The starting point for anybody learning a language is to figure out the sounds of that language. The following list of sounds is not a complete list of all the sounds possible in NSW Aboriginal languages but are those most commonly found in NSW Aboriginal languages.

Vowels

Most Aboriginal languages in NSW have three basic vowels with a short and long distinction, such as those in the following chart.


front
back
high i/ii   u/uu
low   a/aa  

Consonants

The ‘Place and Manner of Articulation’ chart can help with our pronunciation of consonants and the following chart shows most of the most common consonants in NSW Aboriginal languages. ‘Place of articulation’ is where you put your tongue to produce the sound. ‘Manner of articulation’ is what happens to the air and where it is obstructed when coming out of your mouth. It is important, for example, to remember that there is no ‘h’ sound as such in any Aboriginal language. When we see the ‘dh’ and ‘nh’ we know we put our tongue behind out teeth (dental).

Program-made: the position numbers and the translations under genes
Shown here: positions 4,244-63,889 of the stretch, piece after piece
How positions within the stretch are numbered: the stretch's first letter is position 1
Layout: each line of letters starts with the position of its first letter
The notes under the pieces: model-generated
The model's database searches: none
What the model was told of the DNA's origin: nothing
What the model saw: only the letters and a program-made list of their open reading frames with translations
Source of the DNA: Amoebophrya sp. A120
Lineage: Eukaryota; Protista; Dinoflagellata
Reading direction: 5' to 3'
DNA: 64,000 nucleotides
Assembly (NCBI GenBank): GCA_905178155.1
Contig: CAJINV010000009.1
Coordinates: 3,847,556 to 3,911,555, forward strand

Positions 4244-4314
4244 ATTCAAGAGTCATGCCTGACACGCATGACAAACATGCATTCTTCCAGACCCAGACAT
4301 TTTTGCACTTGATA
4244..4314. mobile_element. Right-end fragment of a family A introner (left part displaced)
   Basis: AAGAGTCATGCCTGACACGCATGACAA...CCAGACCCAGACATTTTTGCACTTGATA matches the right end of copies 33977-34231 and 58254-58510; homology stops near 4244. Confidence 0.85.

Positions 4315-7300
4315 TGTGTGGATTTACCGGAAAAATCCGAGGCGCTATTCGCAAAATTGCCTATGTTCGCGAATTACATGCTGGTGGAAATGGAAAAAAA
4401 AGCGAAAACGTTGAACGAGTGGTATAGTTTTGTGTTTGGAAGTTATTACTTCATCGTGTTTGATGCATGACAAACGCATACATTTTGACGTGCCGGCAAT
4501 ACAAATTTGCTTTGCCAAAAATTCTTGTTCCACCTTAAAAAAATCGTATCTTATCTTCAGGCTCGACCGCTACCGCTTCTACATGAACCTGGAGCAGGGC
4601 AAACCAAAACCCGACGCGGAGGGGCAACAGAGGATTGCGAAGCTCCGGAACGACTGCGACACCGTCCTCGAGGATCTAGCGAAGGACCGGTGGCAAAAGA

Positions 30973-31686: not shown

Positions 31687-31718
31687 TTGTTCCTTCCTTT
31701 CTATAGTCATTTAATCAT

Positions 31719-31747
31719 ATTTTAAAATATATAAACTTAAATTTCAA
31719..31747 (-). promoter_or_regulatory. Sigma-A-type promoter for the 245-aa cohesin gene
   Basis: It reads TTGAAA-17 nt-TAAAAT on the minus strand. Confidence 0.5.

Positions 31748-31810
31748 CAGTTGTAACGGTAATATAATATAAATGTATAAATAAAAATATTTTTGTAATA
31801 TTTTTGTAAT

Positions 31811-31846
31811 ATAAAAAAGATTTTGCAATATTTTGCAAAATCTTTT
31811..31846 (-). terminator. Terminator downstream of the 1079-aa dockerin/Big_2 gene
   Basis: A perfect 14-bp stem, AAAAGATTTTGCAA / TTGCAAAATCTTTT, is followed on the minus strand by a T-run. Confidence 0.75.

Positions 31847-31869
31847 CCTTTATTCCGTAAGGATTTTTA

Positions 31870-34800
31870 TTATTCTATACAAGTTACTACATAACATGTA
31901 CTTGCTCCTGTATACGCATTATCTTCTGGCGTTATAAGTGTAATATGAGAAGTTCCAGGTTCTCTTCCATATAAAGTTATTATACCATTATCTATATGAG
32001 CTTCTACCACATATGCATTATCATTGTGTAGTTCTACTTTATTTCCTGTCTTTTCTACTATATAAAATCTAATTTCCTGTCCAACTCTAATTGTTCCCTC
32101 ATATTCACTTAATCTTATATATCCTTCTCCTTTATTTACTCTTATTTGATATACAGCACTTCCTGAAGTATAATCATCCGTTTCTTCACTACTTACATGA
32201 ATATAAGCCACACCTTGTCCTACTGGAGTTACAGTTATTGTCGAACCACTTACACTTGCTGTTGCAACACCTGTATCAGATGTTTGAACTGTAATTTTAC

Where there are two letters, such as b~p, it means that different groups may choose to write these sounds differently. For example, the Gumbaynggirr group has chosen ‘b’ to represent the bilabial stop whereas a Ngiyampaa group has chosen ‘p’ and this is reflected in the spelling of these languages names.

The place and manner of articulation

Place
Manner bilabial dental alveolar laminal velar
stop b~p dh~th d~t dy~dj g~k
nasal m nh n ny~nj ng
lateral     l    
rhotic     rr    
glides w   r y